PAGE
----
The Lower Court ruled in favor of [Buyer]. On appeal, [Seller] claims that the certificate accompanying the goods involved in the last shipment would relate to all five partial shipments in dispute. [Seller] presents a CMR bill of lading for every shipment as well as a delivery note and a sales bill from Estate R. According to Article 1 of Council Regulation EEC No 2092/91, this Regulation is applicable to the organic barley concerned here. Article 5(1) sets out the requirements under which, concerning organic barley, a reference to organic production of agricultural products may be made. E.g., barley has to be produced according to the provisions of Article 6 and has to originate from a company to which the inspection scheme of Articles 8 and 9 apply. According to Article 8(1)(h) in connection with Article 9 III Council Regulation EEC No 2092/91 stated in Annex III to the Regulation applies to [Seller] and [Buyer] as minimum inspection requirements of the inspection scheme. No. 8 of Annex III of the Regulation sets out the minimum inspection requirements for transport of products under Article 1 of the Regulation. The fundamental principle is to ensure an inseparable and unique link between goods and documents that prove the organic origin. Annex III No. 8 in its original version only permitted a transport in locked-up containers marked with an appropriate label so that a swap of contents is not possible. According to the version given by [Seller] at the time of the of conclusion of the contract, an open transport is admissible (No. 8.2) if the addressor and addressee are liable to the inspection scheme under Article 9 Council Regulation EEC No 2092/91 and a covering document is carried along containing the name and address of the person responsible for the production or preparation of the product, or, where another seller is mentioned, a statement which enables the receiving unit and the inspection body to identify unequivocally the person responsible for the production of the product. In the case at hand, the organic barley was shipped in an open lorry. This was not contested between the parties after questioning from the Court. An adequate covering document was not attached. The [Seller]'s appeal succeeded and the [Buyer]'s claim was dismissed.


The barley that was delivered did not comply with the quality required under the contract. However, [Buyer] failed to file a timely notice of non-conformity.

1. The barley that [Seller] delivered did not conform to the contract as required by Article 35(1) CISG. Goods were to be supplied that complied with Council Regulation EEC No 2092/91 on organic production of agricultural products. Following the parties' statements, it is certain that [Buyer] received a CMR-bill of lading on delivery. But this note does not fulfil the requirements of Annex III No. 8.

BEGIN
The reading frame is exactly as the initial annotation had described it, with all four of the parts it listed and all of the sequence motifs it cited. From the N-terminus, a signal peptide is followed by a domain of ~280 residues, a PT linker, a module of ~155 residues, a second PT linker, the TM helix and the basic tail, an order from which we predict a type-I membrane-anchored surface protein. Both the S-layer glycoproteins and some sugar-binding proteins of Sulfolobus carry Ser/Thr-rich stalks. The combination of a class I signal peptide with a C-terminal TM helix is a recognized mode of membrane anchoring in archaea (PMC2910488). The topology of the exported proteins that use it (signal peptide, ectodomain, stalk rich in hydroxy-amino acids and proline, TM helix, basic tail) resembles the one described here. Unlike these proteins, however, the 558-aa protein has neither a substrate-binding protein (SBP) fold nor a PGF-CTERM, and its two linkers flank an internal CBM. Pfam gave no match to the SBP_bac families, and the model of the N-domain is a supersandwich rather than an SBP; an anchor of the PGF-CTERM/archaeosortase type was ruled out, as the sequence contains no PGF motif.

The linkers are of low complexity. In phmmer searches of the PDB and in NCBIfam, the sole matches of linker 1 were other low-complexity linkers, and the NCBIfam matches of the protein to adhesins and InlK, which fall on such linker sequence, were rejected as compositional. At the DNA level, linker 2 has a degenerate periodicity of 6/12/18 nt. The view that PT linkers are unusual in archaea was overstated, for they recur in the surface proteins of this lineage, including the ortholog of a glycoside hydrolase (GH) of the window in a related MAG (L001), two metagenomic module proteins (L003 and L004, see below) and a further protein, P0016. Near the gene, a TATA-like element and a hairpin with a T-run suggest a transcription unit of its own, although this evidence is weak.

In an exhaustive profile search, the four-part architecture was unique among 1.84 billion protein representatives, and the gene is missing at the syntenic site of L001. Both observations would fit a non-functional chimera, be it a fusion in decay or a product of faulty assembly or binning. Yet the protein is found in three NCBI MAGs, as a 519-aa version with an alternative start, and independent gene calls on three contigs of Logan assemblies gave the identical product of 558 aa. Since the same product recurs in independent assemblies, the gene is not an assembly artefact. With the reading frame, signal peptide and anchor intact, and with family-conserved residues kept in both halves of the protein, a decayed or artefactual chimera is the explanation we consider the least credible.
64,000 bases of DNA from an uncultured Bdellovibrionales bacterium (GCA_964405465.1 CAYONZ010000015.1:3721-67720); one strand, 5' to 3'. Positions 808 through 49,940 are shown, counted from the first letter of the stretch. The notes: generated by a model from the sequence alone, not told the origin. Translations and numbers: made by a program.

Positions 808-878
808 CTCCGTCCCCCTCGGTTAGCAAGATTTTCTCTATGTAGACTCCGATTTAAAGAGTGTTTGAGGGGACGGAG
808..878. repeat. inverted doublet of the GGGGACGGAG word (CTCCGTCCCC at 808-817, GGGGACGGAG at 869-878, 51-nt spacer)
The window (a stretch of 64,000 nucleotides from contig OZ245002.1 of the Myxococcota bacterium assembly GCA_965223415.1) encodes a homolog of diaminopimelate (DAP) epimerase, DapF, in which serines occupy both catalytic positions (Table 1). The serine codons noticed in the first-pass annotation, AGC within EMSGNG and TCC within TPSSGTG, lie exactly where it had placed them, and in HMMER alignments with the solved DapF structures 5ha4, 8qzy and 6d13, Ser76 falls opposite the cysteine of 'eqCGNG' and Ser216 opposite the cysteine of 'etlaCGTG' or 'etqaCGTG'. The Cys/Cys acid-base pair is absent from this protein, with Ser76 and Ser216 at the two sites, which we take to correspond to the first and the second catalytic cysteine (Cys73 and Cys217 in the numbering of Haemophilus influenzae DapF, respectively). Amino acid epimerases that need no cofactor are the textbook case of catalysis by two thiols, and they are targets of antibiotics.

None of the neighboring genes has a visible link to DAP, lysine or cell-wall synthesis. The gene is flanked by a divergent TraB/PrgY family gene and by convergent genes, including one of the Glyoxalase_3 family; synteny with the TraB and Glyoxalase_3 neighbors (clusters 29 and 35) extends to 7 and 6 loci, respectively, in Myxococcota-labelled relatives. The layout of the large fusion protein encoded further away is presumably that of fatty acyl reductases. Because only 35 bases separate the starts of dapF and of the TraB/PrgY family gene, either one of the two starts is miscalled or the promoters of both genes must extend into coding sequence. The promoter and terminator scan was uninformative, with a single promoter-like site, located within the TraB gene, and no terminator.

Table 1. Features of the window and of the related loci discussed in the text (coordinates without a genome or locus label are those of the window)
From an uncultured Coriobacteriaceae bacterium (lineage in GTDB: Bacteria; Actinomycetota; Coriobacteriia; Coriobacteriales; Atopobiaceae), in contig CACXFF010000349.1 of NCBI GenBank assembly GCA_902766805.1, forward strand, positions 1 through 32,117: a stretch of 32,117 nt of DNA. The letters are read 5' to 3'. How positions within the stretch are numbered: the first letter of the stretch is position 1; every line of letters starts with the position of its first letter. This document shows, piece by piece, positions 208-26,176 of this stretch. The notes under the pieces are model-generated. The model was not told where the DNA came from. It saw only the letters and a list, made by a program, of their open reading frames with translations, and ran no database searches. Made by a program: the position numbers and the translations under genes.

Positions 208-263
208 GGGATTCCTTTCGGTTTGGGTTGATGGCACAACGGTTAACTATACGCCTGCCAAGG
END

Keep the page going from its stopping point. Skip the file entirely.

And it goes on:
The delivery notes submitted by [Seller] only concern the delivery from Estate R to the [Seller]. There were no delivery notes submitted from [Seller] to [Buyer]. [Buyer] mentions unsigned delivery notes in its last written submission but does not submit such despite the instruction of the Court concerning the importance the Court places on the covering documents.

The shipment of organic barley without covering documents as defined by Annex III No. 8 violated the minimum inspection requirements for the inspection scheme according to Article 9. Therefore, the barley lost the privilege of being declared as "organic". The Belgian inspection bodies were obliged to have the notes of organic origin removed from the goods (Article 9 IX Council Regulation EEC No 2092/91). As a consequence, the barley did not comply with the quality required under the contract.

This very formal construction is justified also in content. Organic barley cannot be distinguished from other barley, at least not by usual methods and with proportional expenditure. The system of the Regulation is not based on the assumption of inspecting the goods but proceeds from a system of certification of companies at production, trade and processing. The fact that goods originate from a certified company and this company confirms that the goods were produced under the requirements of Article 6 Council Regulation EEC No. 2092/91 permits the declaration of "organic" origin and thus a substantial higher price. In the case at hand, this amounted to 625 DM/t organic barley as opposed to 290 DM/t conventional barley. This applies to all stages of processing. [Buyer] alleges a selling price of 1,256 DM for one ton of organic malt and for conventional malt 605 DM.